April 16th 2016
Today I downloaded a new app onto my Ipad called Memrise; Memrise is an app that uses easy to solve puzzles and questions, and pairs them with spaced repetition theory. This theory works as thus.
Pretend that on day one I learned the Japanese word: Abunai, which translates to danger. After learning the word on day one I would be quizzed on it the day after, pending that I got the word right I would not see it for two days time. The same thing happens on day four, I see abunai and know that it means danger, so I don’t see it for a week but on the eleventh day abunai comes up again and I don’t remember it, if this happens the word goes all the way back to the beginning and the process starts again until you’ve mastered it.
I was skeptical at the start, like most people would be, because I was one of these kids growing up that never took to mnemonics or to games that would help me remember facts, I simply remembered it as easy as that. When faced with a new language however, one that’s logo-graphic and has over two thousand unique symbols to boot, I desperately needed some way to remember these words and this seems to be fitting the bill quite nicely.
From what the app is telling me I’ve mastered sixty words and I’m in the process of learning fifteen more, pending my ability to master fifteen words a day this should mean that I’n a hundred days I should have learned 1500 words! Quite a feat but I understand that there’s more to it than that; just like any language, knowing the words doesn’t mean that you can read, write or oven speak it with any degree of fluency.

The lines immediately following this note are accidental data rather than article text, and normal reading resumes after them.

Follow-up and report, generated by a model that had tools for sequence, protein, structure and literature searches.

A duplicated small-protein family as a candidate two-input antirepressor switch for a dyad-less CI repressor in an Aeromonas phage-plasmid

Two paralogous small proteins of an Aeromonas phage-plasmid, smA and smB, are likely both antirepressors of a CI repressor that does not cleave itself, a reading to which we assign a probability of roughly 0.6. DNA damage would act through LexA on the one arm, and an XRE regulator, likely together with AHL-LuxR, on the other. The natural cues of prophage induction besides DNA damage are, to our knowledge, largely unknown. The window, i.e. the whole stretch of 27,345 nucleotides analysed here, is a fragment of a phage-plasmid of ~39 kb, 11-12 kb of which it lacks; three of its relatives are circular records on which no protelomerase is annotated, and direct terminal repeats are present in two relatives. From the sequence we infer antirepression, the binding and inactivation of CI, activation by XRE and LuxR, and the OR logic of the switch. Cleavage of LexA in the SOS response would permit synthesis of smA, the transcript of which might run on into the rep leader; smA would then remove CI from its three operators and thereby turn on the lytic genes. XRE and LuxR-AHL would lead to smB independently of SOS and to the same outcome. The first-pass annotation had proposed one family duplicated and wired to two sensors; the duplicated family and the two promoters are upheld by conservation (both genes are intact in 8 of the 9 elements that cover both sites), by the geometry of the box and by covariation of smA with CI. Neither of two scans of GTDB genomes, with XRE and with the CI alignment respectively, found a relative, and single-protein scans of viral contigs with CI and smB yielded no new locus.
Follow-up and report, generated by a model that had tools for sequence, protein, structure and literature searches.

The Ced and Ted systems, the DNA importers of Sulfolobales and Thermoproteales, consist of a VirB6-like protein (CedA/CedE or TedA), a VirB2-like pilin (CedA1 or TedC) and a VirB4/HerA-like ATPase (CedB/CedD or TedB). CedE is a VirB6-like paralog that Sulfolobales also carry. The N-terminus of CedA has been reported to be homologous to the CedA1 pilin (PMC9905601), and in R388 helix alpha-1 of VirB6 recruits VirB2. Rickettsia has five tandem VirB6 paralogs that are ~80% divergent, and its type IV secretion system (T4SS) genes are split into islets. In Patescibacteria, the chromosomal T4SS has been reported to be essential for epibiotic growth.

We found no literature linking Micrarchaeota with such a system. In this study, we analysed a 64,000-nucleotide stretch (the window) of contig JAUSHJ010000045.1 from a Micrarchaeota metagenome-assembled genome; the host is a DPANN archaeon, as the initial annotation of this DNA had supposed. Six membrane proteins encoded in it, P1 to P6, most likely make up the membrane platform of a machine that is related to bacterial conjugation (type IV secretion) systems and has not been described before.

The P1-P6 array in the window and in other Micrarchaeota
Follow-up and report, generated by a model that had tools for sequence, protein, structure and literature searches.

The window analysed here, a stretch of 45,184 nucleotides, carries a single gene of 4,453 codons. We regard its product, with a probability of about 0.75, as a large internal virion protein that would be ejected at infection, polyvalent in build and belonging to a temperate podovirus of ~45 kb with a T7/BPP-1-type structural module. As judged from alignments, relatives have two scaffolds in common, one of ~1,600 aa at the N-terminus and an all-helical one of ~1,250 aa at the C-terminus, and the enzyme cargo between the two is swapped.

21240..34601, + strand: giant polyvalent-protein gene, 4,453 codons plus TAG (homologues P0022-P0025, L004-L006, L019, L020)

Almost every language on earth has a different grammatical system and god knows Japanese does, to a westerner like myself it can appear strange putting ‘subjects’ at the end of statements or having to specify certain intricacies through different ‘particles’ and don’t get me started on putting words in ‘the wrong order’, but I’m sure the feeling is mutual from language to language.
With that in mind it’s good that I got Memrise when I did, Genki is doing a great job of teaching me about how to use the words, how to arrange them and alter their pronunciation as the tense they are used in alters but, it’s a but of a slow road for actually learning the words. the book relies on you to create mnemonics to remember them and offers little help (Memrise does the opposite however, so they compliment eachother nicely).
But that was the largest part of my day, so…